1. Turn the weapons of the enemy against him.

 

2. Let the enemy think he has won a great victory when actually it is the reverse.

 

3. Choose the right moment.

 

André Chieng, CEO of  AEC

 

Why did the strategist ask for three days? He needed a very important success factor – the fog. Although fog is common in those parts, Zhuge Liang didn’t know exactly when it would appear. But without it, the enemy would have realized that the boats carried bales of straw and not soldiers.

 

If we apply this to present Sino-American trade war:

 

1. The weapons are the tariffs. The US has more weapons because the US imports $500 billion worth of goods yearly from China, while China imports only $150 billion from the US. Chinese growth relies heavily on exports and because Chinese economic prosperity is the only source of legitimacy for the Chinese Communist Party, they are forced to comply with the American demands. But these weapons can be turned on their originators. Studies show that it is actually the Americans who pay most of the tariffs, either on Chinese imports directly, or on the comparatively more expensive goods they are forced to import from other countries. In reality, very few products have been relocated to the US and the trade imbalance in that country, far from decreasing, has actually increased.

 

2. Trump thinks he has won because so far, the American consumer hasn’t felt the impact of the increase in prices. He has placed the tariffs on products imported by American industry and the actual cost has been absorbed in the production chain. But very soon the tariffs will affect the consumer directly, as is demonstrated by the fact that Trump had to postpone some tariffs to avoid spoiling the American Christmas.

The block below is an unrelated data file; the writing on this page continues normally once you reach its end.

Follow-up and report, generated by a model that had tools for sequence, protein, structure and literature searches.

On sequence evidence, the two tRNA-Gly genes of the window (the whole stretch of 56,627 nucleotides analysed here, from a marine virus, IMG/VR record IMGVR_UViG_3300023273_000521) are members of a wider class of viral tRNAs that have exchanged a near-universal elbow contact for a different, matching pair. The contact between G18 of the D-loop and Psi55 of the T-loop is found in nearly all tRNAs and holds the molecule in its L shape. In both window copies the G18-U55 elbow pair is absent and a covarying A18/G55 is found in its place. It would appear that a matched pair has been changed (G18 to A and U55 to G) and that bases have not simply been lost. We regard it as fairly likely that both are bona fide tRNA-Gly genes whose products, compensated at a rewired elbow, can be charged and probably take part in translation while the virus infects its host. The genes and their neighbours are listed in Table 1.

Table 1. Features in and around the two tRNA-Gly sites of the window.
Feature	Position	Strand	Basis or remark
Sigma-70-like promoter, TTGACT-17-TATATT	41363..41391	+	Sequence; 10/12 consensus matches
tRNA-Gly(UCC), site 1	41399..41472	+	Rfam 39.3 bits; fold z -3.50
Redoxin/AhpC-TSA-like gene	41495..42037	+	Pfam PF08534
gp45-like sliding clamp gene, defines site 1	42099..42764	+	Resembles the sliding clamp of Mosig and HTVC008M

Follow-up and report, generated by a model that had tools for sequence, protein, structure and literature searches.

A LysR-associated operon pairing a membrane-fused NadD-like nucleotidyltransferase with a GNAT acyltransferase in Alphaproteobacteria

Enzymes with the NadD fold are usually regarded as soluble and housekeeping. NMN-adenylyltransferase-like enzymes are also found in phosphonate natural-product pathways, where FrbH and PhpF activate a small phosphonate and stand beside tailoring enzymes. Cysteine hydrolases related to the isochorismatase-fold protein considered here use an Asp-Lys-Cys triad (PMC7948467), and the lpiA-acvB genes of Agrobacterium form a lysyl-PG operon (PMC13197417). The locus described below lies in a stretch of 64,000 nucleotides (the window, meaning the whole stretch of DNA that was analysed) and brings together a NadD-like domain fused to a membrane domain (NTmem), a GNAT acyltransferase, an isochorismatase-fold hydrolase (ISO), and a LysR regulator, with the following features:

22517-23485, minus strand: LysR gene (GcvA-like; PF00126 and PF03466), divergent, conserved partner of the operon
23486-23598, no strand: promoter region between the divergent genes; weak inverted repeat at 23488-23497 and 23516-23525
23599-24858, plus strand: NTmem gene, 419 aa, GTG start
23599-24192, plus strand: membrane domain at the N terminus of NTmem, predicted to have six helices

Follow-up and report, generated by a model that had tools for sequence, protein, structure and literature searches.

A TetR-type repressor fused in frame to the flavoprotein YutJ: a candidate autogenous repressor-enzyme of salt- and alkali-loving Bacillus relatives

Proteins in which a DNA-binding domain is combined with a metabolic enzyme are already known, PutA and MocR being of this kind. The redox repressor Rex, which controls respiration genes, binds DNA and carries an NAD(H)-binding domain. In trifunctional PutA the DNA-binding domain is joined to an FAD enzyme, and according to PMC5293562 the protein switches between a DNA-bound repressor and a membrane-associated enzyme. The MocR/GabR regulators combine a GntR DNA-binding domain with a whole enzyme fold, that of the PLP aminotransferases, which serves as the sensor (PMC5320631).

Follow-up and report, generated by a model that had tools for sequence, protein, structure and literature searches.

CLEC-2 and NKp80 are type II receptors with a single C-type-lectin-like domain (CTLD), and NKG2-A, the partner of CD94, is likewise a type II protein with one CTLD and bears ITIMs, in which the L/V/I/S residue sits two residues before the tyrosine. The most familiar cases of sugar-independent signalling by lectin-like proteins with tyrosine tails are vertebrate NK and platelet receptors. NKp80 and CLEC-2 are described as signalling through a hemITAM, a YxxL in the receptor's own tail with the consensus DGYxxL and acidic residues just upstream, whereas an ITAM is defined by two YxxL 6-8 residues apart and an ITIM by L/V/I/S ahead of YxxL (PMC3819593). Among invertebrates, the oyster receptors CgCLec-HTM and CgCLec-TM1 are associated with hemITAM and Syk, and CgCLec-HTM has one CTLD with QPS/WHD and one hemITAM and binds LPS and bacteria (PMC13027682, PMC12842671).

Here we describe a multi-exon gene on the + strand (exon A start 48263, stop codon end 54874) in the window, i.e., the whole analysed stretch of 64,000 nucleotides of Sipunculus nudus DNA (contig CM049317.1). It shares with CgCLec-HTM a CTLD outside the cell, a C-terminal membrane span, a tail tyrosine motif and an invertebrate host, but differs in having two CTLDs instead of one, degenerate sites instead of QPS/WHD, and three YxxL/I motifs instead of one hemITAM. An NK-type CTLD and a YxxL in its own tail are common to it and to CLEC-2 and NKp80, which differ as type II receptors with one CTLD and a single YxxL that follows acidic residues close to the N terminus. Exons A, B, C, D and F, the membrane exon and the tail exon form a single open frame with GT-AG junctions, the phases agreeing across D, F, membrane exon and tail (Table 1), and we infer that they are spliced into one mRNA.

3. In my view, timing is the most crucial factor. Although the American economy seems to be flourishing, most economists predict that the country is on the eve of a recession. No one can say exactly when it will happen, but when it does the moment will be critical. It will make the positive effect of a trade deal more advantageous than China-bashing – which is now very popular not only with Trump, but in all sectors of American society. The only place this isn’t true in on Wall Street: on the world market, dips occur when the two giants clash; whenever relations relax, the market becomes bullish. Is it foolish to think that a time will come when the advantages of the economic boost provided by a deal between the US and China will override China-bashing? This is the moment China is waiting for, and I think the odds are in favor of it happening. When it does, China will let Trump claim he has won a big victory.

 

André Chieng, CEO of  AEC

 

Nonetheless, don’t think that I am optimistic about the end of the war between the two countries. This is not at all the case. The fundamentals of this war are too deep and too severe to allow it to disappear instantaneously. Trump’s demands go far beyond the balance of trade, to the very core of the Chinese economic and political system. At the same time, the US can use many other weapons against China: cutting access to American technology in the name of national security, using the explosive situation in the South China sea, stirring trouble in Hong Kong, to name a few. A real peace treaty is very far away because the US will not accept to be overcome by China and China will not accept being dominated by the United States.

 

We should get used to the idea that the Sino-American war is going to be very, very long and multidimensional. We can only hope that it will be restricted to the world of diplomacy and will not degenerate into military confrontation.

 

The great Prussian strategist Clausewitz said, “War is a continuation of politics by other means.” Maybe we should modify this to say, “Diplomacy is a continuation of war by other means.”